A Short History of Sociological Thought by Alan Swingewood

By Alan Swingewood

This lucidly written, jargon-free textual content deals an account of the increase of sociological concept from its origins within the eighteenth century. starting with the classical sociology of Marx, Durkheim, Weber and Simmel, it is going directly to study the trendy paradigms of functionalism, interactionism, structuralism and significant Marxism, and ends by way of discussing salient modern sociological thought, together with the theories of Foucault, Baudrillard, Giddens, Habermas and others. Systematic and entire, this can be a textual content that seriously engages with sociological conception all through its improvement, supplying scholars a direction via competing traditions and views that brings out the targeted worth and obstacles of those.

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His collectivist notion of society was broadly socialist and materialist; but on the other hand, Saint-Simon's analysis of technology and the role of science and intellectual elites mostly composed of scientists and industrialists- combined with his theory of moral crisis suggests a conservative standpoint close to the sociological positivism of Comte. In a very general sense Saint-Simon can be claimed as an influence on both nineteenth-century sociology and the development of socialism and Marxism.

For Ferguson, society was conceived as a definite structure in which the relation of part to whole constituted the 'principal object' of social science. Like Montesquieu, the writers of the Scottish Enlightenment emphasised the structural nature of social phenomena rejecting the view of society as the product of a haphazard and accidental process. In their notion of the unintended consequences of social action Ferguson and Smith went beyond the static limitations ofMontesquieu's synchronic, systemic definition of society to embrace a concept of society as both structure and process.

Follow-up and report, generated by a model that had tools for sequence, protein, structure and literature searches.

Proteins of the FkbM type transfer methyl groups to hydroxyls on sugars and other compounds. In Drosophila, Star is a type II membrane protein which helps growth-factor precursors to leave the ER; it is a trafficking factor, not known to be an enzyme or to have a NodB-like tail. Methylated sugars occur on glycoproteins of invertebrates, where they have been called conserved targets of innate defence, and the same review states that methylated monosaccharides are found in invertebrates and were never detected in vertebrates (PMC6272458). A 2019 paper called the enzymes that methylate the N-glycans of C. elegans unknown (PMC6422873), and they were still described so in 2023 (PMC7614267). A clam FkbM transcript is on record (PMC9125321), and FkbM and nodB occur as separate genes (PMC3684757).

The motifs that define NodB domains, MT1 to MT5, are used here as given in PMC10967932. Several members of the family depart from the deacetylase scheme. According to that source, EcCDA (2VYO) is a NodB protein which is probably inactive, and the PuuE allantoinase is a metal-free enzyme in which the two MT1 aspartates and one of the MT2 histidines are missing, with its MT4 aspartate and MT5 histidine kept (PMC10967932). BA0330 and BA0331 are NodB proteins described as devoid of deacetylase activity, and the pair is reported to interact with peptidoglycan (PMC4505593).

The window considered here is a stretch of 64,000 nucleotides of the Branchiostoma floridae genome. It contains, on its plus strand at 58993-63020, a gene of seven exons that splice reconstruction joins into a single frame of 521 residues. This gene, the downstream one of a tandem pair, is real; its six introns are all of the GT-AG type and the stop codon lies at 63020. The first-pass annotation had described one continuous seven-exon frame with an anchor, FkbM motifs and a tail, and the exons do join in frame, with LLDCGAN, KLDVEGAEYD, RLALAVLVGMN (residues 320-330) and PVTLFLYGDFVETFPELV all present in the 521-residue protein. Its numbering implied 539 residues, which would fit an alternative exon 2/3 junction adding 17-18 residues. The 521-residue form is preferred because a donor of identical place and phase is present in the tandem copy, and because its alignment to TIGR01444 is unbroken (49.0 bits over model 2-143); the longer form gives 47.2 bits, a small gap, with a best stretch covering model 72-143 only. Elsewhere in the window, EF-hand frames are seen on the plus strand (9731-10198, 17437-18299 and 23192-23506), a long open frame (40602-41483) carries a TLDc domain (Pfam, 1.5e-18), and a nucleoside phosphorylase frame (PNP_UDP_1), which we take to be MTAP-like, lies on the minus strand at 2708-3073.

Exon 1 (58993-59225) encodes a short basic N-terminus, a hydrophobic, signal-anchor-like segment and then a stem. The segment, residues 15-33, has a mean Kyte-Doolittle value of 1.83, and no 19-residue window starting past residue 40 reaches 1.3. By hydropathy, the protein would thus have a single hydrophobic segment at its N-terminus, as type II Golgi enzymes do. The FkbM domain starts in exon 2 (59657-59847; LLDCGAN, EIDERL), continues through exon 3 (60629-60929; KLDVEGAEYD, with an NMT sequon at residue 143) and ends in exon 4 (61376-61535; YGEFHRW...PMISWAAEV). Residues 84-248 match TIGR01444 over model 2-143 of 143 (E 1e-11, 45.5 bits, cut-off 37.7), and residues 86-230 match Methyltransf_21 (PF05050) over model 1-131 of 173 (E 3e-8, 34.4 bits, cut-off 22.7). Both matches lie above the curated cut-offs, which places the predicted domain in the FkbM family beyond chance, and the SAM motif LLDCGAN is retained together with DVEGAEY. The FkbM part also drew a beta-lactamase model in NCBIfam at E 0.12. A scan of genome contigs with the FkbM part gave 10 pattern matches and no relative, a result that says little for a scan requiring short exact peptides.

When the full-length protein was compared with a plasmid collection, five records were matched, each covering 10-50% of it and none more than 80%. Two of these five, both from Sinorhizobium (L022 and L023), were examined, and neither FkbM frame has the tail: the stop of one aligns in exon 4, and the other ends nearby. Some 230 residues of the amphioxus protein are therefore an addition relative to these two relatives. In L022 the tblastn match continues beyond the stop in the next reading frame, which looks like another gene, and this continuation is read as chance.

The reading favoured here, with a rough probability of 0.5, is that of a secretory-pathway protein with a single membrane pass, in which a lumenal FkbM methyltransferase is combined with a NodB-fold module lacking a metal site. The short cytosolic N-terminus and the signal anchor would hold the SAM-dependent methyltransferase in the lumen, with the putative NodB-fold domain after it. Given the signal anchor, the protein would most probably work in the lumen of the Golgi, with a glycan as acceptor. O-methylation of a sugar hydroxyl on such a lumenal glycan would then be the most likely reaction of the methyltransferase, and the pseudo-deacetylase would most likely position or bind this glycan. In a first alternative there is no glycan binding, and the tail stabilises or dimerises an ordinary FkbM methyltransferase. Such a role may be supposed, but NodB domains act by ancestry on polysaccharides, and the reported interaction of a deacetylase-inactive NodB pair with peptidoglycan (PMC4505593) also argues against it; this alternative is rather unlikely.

Can proceed from a deep sense of the connection of all kinds of natural phenomena with invariable natural laws. If there are political evils which ... cannot be remedied by science, science at least proves to us that they are 42 Industrialisation and the Rise qf Sociological Positivism incurable, so as to calm our restlessness under pain by the conviction that it is by natural laws that they are rendered insurmountable (Comte, 1896, Vol. 2, pp. 18~7). On this definition, therefore, sociology prescribes a wholly passive and fatalistic orientation to the social world and contrasts sharply with Vico's injunction that the social world was the work of humanity.

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